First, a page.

3. Take advantage of freebies/vouchers/money saving offers
Ok, I’m obviously not saying you have to put your entire life on hold for a year or more in order to save for your trip, but there are plenty of ways to go out and still be able to save money. Restaurants always have buy-one-get-one-free vouchers you can find on the Internet, especially at this time of year and (as long as you remember to use them) sites like GroupOn often offer good deals on days out or special treats. Also I’ve a big fan of the supermarket offers. If you know it’s something you like and you’re going to use it, then stock up – just make sure it will get eaten otherwise you’re wasting your time and your money.
Just think: Saving £10 on dinner once a month = £120 a year = a return flight from the UK to Sweden
4. Make sure you’re on the best tariffs
I know stuff like this is really boring, but come on guys – we’re grown ups now! Making sure you’re on the best energy tariffs or moving to a cheaper deal when your mobile phone or car insurance comes up for renewal can save you hundreds of pounds a year. Nowadays there are plenty of comparison sites which make it really straightforward to swap and some will even give you some cash if you go through them. If you live in the UK it’s worth checking out moneysavingexpert.com for loads of advice about how to switch deals.
Just think: Saving £100 a year on your energy bills + £40 for going through a comparison website = £140 a year = a return flight from the UK to Italy
5. Make your money work for you
This is the one I cannot stress strongly enough. I have spoken to loads of friends in the past who are saving for something and when I ask them where they are keeping their hard earned cash they tell me in their current account, where the interest they’ll earn on it is 0.01%. While we all know interest rates aren’t great at the moment, you can definitely do better than that. If you live in the UK your first port of call should be an ISA where you can save up to £5,640 cash a year, tax free. If you want to make sure you don’t touch your money you can also look at bonus saving accounts which you pay into for a year, three years or five years which also give you a bonus at the end providing you make no withdrawals. Highstreet banks are vying for your custom at the moment and a number offer incentives to have your current account with them. These range from £5 a month if you have your salary paid into them, to money back when you buy things on your debit card. So if you haven’t looked at your bank accounts for a while that’s also worth doing. Again, check out sites like moneysavingexpert.com.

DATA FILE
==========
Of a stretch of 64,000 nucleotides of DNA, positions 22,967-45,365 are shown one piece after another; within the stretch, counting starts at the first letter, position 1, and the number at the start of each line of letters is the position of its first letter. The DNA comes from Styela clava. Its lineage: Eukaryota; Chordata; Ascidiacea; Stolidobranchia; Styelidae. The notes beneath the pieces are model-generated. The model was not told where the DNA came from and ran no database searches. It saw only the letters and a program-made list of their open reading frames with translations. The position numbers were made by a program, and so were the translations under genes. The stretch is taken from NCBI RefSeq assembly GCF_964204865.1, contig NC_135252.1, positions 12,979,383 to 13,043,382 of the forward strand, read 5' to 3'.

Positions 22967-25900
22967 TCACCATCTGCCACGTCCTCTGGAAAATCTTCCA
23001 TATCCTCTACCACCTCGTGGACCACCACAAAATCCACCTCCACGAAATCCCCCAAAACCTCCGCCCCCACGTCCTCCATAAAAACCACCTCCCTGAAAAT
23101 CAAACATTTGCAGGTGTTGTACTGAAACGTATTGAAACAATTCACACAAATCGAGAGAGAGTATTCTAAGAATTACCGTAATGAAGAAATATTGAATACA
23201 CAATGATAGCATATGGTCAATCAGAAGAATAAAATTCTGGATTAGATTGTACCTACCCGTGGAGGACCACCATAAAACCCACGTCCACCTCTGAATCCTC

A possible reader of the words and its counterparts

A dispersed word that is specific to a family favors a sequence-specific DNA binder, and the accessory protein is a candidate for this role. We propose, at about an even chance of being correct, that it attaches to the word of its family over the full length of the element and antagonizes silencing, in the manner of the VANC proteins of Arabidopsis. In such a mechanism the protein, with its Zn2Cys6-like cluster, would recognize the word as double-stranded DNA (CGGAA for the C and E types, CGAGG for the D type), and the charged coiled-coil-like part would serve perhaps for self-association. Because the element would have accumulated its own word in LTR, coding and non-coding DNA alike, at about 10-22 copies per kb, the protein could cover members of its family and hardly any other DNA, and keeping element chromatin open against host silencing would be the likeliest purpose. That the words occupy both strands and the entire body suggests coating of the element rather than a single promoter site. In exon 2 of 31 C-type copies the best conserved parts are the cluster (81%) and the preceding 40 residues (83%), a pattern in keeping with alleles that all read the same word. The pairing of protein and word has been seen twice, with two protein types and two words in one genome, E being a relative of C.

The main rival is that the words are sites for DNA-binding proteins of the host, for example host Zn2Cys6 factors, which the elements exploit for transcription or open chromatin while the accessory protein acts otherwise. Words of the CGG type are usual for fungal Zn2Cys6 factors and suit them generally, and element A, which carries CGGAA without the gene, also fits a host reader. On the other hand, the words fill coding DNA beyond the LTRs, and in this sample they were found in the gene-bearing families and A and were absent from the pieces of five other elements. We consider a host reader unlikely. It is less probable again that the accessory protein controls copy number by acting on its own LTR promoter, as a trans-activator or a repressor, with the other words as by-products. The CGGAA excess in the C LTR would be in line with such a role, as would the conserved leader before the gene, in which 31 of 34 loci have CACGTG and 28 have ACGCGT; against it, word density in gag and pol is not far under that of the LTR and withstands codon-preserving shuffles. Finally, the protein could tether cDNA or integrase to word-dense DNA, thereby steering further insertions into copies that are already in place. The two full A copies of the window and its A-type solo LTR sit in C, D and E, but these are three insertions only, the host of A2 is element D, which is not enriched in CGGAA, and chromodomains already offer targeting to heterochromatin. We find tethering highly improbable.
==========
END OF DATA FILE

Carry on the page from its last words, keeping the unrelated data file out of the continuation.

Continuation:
I know that saving for a career break or a sabbatical isn’t easy but I can 100% guarantee that going through the small hassles and making a few sacrifices along the way is definitely worth it. There was never a moment on my grown up gap year, when I was walking the Inca Trail in Peru or swimming with dolphins in New Zealand, where I thought to myself ‘I’d rather have bought that new dress’.
If you want to find out more about setting a budget for your trip, then check out this post and if you want to learn how to save so you can splurge while travelling, this may help.
Do you have any money saving tips you use when planning for a trip? I’d love to hear them!